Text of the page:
May 27, 2004


Zinners Unite
by Bill Hallberg

A few weeks ago Kansa City hosted the first ever visit of ZAP (Zinfandel Advocates and Producers). On April 26 more than 35 Zinfandel producers descended on Union Station with a plethora of Zinfandel. With over 150 different styles of Zins to sample, this was not an event the true Zinfandel lover should have passed over.

This roadshow of wine counted Kansas City as only one of many stops across the country with visits to New York City and St. Louis sandwiching the K.C. venue.

According to reports, Kansas City's response was overwhelmingly positive. Lots of Zin lovers here. Not only was attendance here great but we showed our support for ZAP by burying the turnout in both St. Louis and New York City, which boasts a considerably larger wine drinking population.

Congrats K.C.!

It is no surprise Kansas City is one of the faster emerging wine markets in the U.S. America's grape, Zinfandel has carved out a unique place in the wine lover's world.

Genetic testing has helped to determine where this wonderfully spicy grape originated, to an extent. Originally thought to have arisen from Italy in the form of the Primitivo varietal, Zinfandel now traces it's heritage to Croatia. The early Italian immagrints brought with them their wine grapes and started planting Zinfandel throughout California. Plantings started as early as the Gold rush with vines finding homes from Cucamonga in the south to areas of Mendicino in the north.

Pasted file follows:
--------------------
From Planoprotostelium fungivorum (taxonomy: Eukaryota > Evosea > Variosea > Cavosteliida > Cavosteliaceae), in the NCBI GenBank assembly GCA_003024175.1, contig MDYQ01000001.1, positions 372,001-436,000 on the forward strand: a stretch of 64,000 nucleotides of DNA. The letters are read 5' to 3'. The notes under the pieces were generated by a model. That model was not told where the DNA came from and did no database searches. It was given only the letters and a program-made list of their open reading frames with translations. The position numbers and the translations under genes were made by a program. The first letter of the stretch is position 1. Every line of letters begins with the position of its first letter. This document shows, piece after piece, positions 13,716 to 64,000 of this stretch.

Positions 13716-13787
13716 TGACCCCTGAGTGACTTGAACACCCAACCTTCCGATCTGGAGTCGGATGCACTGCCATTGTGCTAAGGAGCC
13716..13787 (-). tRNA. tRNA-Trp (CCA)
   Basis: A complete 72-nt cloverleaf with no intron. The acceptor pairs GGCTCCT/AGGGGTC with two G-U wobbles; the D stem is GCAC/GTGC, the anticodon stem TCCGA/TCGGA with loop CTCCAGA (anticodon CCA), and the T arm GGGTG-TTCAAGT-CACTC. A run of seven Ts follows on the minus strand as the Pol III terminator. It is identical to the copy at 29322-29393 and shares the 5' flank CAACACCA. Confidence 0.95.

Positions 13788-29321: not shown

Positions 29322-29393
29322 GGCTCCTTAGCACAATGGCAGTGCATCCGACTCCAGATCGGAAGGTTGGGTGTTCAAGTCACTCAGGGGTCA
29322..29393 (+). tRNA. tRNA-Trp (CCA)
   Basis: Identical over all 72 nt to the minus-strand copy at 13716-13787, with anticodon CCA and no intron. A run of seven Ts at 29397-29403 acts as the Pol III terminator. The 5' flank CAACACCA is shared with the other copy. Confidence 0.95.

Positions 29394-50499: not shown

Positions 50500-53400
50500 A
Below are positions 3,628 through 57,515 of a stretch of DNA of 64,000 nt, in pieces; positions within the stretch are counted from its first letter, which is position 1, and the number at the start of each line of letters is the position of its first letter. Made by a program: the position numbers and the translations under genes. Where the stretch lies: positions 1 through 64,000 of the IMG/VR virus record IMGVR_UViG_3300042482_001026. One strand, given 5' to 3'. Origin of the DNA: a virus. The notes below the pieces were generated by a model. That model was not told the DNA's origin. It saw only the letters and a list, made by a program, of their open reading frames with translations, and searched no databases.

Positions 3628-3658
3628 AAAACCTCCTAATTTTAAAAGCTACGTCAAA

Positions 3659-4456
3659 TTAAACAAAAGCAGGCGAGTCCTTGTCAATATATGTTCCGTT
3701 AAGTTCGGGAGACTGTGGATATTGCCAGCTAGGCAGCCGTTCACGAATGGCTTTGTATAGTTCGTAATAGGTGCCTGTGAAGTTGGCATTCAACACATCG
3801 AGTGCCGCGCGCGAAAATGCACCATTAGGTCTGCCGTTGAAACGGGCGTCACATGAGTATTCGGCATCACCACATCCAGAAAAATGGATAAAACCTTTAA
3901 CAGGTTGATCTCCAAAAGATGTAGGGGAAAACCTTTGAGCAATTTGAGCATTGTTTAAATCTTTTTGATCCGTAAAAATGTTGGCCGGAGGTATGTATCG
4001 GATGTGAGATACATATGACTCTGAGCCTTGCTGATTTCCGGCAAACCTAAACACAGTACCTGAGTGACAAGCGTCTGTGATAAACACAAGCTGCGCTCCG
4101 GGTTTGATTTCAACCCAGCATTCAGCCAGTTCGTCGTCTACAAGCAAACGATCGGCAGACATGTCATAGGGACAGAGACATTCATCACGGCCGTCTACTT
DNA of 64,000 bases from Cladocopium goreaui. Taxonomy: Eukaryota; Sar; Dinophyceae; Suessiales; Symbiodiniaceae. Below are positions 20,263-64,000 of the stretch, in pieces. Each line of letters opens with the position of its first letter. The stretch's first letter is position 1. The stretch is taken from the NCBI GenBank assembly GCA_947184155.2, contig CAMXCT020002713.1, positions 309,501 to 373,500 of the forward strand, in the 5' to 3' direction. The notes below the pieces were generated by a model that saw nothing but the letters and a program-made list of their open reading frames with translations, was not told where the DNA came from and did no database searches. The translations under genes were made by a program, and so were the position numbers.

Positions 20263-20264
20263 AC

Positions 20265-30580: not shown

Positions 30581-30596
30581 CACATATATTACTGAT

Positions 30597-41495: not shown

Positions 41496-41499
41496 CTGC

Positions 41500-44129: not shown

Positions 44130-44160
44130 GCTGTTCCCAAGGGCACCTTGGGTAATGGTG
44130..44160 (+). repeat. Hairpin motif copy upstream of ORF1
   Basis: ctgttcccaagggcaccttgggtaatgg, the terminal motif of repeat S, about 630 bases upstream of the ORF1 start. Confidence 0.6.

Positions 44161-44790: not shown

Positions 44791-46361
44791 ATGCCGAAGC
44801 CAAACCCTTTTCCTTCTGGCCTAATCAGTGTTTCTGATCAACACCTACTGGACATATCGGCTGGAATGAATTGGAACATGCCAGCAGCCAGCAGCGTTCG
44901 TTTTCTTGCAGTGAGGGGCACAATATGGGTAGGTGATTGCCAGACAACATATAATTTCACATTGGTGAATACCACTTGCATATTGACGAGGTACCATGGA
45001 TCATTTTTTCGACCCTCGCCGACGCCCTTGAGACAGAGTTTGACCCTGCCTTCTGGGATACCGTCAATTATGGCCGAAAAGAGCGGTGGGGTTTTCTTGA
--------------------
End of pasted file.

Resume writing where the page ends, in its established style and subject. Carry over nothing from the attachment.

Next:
The Heritage Vineyard, roughly one acre large, exists within the University of California , Davis Research Station and is dedicated to seeking out, preserving and studying various clones of our Heritage Grape.

Most selections are at least 60 years old and there currently are 90 selections putting down roots at the Davis facility. This is incredible when you consider the huge number of vines Zinfandle pulled up in the 70's and 80's in response to the growing thirst for Chardonnay and Cabernet Sauvignon.

With little doubt, Zinfandel is one of my favorite wines. I love the way it pairs up with a huge variety of foods. I recently did a wine dinner where I put a Zinfandel with the Ceasar salad with splendid results. The spicy character of the grape makes it wonderful with spicy foods as well as foods with big bold flavors. Styles of Zinfandel can run from lean to rich and jammy with lots of ripe dark fruit and a zippy peppery finish.

Another thing about Zinfandel is the heat (wine speak for alcohol)... it's up there. Most Zins are comming in at 13.5% - 16.5%. Well integrated Zins surpisingly don't show the heat as much as one would expect.

Another thing I like about Zin.

Good Zins can cost as little as under $10 and go up from there. A few of my favorites were: Tres Sabores "Rudy Zuidema"; Renwood "Jack Rabbit Flat"; Michael-David Vineyards "7 Deadly Zins."
An interesting entry came from Meeker Vineyard a late harvest cryogenic desert style: "FroZin". Cute huh? Keep a look out for when Zap returns and you too can be a card carrying Zinner.

For information about upcoming wine seminars, classes, tastings and wine dinners contact me at


2004 Discovery Publications, Inc. 104 E. 5th St., Ste. 201, Kansas City, MO 64106
(816) 474-1516; toll free (800) 899-9730; fax (816) 474-1427

The contents of eKC are the property of Discovery Publications, Inc., and protected under Copyright.
No portion may be reproduced in whole or part by any means without the permission of the publisher. Read our Privacy Policy.